Research into public attitudes to necessities in Japan finds that the items and activities regarded as necessary tend to focus on food, belongings, household good and financial matters (such as paying bills) rather than social activities (such as participating in hobbies) and obligations (such as giving gifts to family and friends). The research also suggests that the Japanesse public have a more restrictive notion of necessities than the UK and other rich, developed countries (see Comparative Research below).
The 2011 'Perceptions of Necessities' survey
In 2011 the National Institute of Population and Social conducted a 'Perceptions of necessities' survey. It asked about 67 items and activities for adults and 30 children's items and activities. The items and activities were developed from a series of focus groups and an earlier 'Perceptions of necessities' survey in 2003. Respondents were interviewed by a postal survey (sample size 3,000, responses 1,518). The respondents were asked:
This question is about a standard of living for all people in Japan today. In order to live a modern life, what items do you think are necessary and should be able to be acquired by everybody? This question is about a standard of living for all people in Japan today. In order to live a modern life, what items do you think are necessary and should be able to be acquired by everybody?
The responses available were: 'Definitely necessary', 'Desirable but not necessary', 'Not necessary'.
The table below shows for each item and activity for adults the percentage thinking the item is 'definitely necessary' in order 'to live a modern life in Japan'. It is important to note that the survey was conducted during July 2011, just four months after the Great East Japan Earthquake which killed nearly 20,000 people. It is quite possible that a disaster of this magnitude, whose effects are still being felt, may have influenced people’s perceptions of life’s necessities temporarily and/or even permanently. The table can be sorted by clicking the top of a column.
Attitudes to necessities for adults, Japan, 2011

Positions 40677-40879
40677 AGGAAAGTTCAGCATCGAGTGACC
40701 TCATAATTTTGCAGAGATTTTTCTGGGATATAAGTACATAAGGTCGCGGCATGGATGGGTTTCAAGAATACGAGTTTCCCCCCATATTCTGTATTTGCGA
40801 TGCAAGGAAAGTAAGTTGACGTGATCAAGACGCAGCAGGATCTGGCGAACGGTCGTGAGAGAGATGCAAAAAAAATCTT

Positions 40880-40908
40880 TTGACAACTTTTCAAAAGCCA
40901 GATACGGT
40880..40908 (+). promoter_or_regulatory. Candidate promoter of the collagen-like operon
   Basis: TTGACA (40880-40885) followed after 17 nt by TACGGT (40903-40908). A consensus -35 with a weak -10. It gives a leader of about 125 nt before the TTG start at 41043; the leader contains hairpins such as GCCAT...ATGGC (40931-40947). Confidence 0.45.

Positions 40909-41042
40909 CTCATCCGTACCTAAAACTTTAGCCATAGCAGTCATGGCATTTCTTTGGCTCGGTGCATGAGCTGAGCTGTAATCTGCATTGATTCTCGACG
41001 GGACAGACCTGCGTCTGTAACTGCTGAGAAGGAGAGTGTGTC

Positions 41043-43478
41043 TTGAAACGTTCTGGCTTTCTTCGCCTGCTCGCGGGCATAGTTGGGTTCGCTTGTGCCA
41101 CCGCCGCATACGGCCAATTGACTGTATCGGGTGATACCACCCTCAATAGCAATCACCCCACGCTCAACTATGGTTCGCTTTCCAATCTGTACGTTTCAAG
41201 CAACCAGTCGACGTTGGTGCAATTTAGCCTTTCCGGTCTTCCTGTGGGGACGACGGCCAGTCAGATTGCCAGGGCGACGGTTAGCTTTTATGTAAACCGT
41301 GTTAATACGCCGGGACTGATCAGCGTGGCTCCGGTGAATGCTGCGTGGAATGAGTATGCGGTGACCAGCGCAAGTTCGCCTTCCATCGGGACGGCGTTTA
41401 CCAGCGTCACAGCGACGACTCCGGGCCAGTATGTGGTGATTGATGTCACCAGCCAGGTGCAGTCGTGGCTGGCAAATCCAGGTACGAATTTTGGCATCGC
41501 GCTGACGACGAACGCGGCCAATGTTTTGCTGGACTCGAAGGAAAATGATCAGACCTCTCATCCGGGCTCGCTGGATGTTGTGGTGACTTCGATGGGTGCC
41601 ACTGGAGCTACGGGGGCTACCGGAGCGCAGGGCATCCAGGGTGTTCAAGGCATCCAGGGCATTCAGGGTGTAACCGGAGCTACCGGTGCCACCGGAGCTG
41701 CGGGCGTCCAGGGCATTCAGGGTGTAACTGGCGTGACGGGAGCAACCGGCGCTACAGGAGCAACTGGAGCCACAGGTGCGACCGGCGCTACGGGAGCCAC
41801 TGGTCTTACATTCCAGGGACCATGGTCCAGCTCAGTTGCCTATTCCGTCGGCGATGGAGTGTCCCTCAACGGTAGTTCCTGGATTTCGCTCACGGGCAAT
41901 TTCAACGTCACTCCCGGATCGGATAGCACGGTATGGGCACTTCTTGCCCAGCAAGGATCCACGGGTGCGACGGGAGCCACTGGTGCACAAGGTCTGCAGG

Source: Presentation by Aya Abe (download below)
Twenty eight of the 67 items and activities for adults were seen as necessary by over 50% of respondents. The items with the highest percentages covered medical needs, food and a range of household goods and facilties. A range of items had gained more than 10% in the percentage thinking the item necessary compared to 2003, including'being able to go to family and friend's weddings/funerals', 'being able to save every month' and 'internet access'. The survey also found widespread agreement between different social groups.
Details of the findings of the survey were presented by Aya Abe fomr the Naitonal Institute of Poplulation and Social Securutty Research to a seminar on 'Public Perceptions of necessities in Japan and the UK' in Tokyo in 2015. Download this presentation below.
A presentation on 'Poverty Measurement in Japan' reporting the results of the 2003 survey was made by Abe Aya at the Second Townsend Conference on International PovertyThis presentation reports the findings of a 2003 survey (sample 1,350) that asked respondents which of a list of 28 items covering various aspects of life (both material and social) they thought were ‘necessary’ to live normally in Japan.
Further details can be found in:
'Social exclusion and earlier disadvantages: an empirical study of poverty and social exclusion in Japan' (pdf), Abe Aya, Social Science Japan Journal , Vol 13, No 1, 2010. In this paper Abe Aya provides one of the first attempts in Japan to define and measure poverty and social exclusion in that country.
Details of the findings of this survey and comparisons with perceptions of necessities in the UK can be found in the Social Policy and Society journals themed section on 'Comparative Persepectives on Poverty and Inequality: Japan and the United Kingdom'.The comparative research found that the Japanese public tends to have a more restrictive notion of what a minimum standard of living should encompass than in the UK, even after controlling for key variables. Nevertheless, there was also evidence of a consensus on the majority of adult items in terms of whether they constituted necessities or not. See:
Social Policy and Society Journal
See also, UNICEF's report on child well being in Japan which looks at 5 different dimension of well-being including material deprivation. 'Child well-being in rich coutnries - comparing Japan', Aya Abe and Junko Takezawa, UNICEF, 2013.